Late Caravaggio at the National Gallery

By Bruce, Donald | Contemporary Review, May 2005 | Go to article overview

Late Caravaggio at the National Gallery


Bruce, Donald, Contemporary Review


THE London National Gallery has shown admirable enterprise in launching its latest exhibition, Caravaggio: the Final Years, a modest but stalwart sequel to the Royal Academy's monumental achievement of 2001, The Genius of Rome. Among the sixteen pictures shown, all startling, are two from Sicily, neither of which has been seen outside Italy before. Unusual persuasive power must have been deployed upon the authorities of the Museo Nacionale at Messina before The Adoration of the Shepherds and The Raising of Lazarus were hazarded abroad. Although there are not many pictures on show, each one, because of its strangeness and complexity (though they are rarely captivating and never delightful), compels one's interest so much that it is hard to take the exhibition in on a single visit.

One's slow progress through the six rooms is partly due to the exhibition's circumambient darkness, lit by spotlights, which reminds one of Balzac's haughty remark that Caravaggio must have spent his life in caves and gambling dens. The enforced gloom, a stagey attempt to copy the drama of Caravaggio's chiaroscuro, lessens the impact of the pictures themselves when seen in clear light. It also makes it hard to discern the detail of the dark areas of the pictures. Caravaggio was painting in haste on the run from the papal police, and later from the Maltese Knights of St John, and must at times have added the top colours to the basic priming, or undercolour, of his pictures before it had set, so that his top colours 'sank', or were rendered indistinct because they were absorbed by the undercolour. One example of this is the nearly vanished lopped tree in the Sacrifice of Isaac at the Uffizi Gallery in Florence. Others are the back of the crowd in The Raising of Lazarus and the ox and the donkey in The Adoration of the Shepherds.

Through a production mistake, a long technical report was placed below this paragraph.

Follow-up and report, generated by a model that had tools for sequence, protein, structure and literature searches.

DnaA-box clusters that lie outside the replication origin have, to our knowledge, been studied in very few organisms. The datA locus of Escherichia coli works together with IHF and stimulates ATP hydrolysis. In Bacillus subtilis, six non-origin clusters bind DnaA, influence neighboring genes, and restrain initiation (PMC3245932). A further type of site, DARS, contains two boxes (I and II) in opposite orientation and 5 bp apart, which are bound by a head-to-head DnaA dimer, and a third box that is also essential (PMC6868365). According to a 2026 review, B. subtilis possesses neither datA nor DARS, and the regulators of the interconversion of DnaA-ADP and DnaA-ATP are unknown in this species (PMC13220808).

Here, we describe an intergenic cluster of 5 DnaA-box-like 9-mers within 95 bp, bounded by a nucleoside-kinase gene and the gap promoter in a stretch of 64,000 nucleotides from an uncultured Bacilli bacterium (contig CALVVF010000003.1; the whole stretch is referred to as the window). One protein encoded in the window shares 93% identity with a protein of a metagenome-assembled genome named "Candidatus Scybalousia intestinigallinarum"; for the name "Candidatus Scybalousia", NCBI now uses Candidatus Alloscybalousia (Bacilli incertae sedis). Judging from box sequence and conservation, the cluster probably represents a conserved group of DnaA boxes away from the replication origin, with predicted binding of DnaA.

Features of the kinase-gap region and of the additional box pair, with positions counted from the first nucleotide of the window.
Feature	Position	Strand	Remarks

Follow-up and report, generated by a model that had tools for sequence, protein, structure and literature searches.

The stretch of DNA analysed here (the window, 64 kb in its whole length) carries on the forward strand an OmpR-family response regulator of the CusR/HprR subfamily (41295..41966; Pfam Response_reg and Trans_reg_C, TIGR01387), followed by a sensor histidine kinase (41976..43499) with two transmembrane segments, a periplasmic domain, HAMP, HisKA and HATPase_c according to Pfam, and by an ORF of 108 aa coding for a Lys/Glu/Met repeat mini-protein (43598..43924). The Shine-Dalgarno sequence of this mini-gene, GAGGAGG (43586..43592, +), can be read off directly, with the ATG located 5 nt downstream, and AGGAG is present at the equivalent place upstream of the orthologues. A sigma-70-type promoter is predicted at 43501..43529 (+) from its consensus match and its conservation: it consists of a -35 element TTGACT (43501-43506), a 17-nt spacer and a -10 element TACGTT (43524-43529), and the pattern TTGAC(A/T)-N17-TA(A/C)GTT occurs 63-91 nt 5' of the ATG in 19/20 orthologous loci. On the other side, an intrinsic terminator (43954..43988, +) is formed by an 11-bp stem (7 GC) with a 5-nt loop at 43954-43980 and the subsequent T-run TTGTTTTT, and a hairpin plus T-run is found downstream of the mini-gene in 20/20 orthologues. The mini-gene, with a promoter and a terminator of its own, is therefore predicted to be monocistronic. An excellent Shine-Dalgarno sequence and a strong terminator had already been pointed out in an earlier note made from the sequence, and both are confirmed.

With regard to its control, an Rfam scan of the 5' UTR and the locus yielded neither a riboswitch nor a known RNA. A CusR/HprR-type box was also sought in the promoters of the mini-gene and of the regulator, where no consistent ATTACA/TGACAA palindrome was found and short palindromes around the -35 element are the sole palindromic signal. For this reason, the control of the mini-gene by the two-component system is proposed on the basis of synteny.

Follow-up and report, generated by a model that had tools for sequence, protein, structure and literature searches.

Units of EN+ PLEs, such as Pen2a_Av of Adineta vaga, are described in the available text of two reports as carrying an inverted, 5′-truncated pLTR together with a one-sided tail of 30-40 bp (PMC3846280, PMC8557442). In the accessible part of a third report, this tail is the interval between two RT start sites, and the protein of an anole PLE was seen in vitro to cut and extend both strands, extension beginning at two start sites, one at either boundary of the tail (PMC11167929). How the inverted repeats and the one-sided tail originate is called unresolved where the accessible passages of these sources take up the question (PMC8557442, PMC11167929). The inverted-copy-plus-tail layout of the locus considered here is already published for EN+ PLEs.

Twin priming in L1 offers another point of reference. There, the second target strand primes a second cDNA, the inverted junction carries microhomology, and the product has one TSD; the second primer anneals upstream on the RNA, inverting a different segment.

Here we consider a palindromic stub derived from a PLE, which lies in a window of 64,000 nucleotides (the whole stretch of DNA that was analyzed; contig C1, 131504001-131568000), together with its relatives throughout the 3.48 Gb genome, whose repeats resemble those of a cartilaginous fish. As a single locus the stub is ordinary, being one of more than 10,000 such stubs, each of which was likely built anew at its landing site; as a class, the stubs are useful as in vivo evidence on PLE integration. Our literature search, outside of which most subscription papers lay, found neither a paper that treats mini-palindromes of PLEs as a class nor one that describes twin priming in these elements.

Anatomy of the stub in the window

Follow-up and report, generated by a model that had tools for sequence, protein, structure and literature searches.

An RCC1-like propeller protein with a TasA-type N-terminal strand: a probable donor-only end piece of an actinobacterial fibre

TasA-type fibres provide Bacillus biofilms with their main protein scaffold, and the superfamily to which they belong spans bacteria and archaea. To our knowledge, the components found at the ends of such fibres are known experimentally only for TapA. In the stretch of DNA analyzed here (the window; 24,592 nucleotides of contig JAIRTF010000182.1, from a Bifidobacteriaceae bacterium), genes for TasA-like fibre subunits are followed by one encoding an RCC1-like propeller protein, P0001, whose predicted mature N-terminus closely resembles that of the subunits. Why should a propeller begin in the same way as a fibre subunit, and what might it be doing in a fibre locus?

Like the papal police, we know well what Caravaggio looked like. As with Rembrandt, the artist's face pervades his pictures; notably in his versions of David and Goliath in the Prado and the Borghese Gallery, where Caravaggio's head, transposed to Goliath's, is held up as a trophy by his latest minion. To judge by his appearance, Caravaggio came from the wrong half of Italy. His heavy, swarthy, beetle-browed, levantine features were apter for the polyglot Kingdom of Naples than for the northern Duchy of Milan, where he was born in 1571 (the year of the Battle of Lepanto). Indeed, he spiralled to the south, as far as Sicily and by ferry to Malta, on his whirligig flight from a stack of charges: street-fighting, several murderous attacks and one actual homicide. Among the esteemed scholars who have earnestly and patiently elucidated Caravaggio and his works--art-historians such as Friedlander, Longhi and Mahon--how many would have liked to meet him? One thinks of Yeats's poem on another delinquent genius, Catullus. Yeats imagines the alarm of Catullus's august editors and annotators confronted by Catullus himself:

                Lord, what would they say
                Did their Catullus walk that way?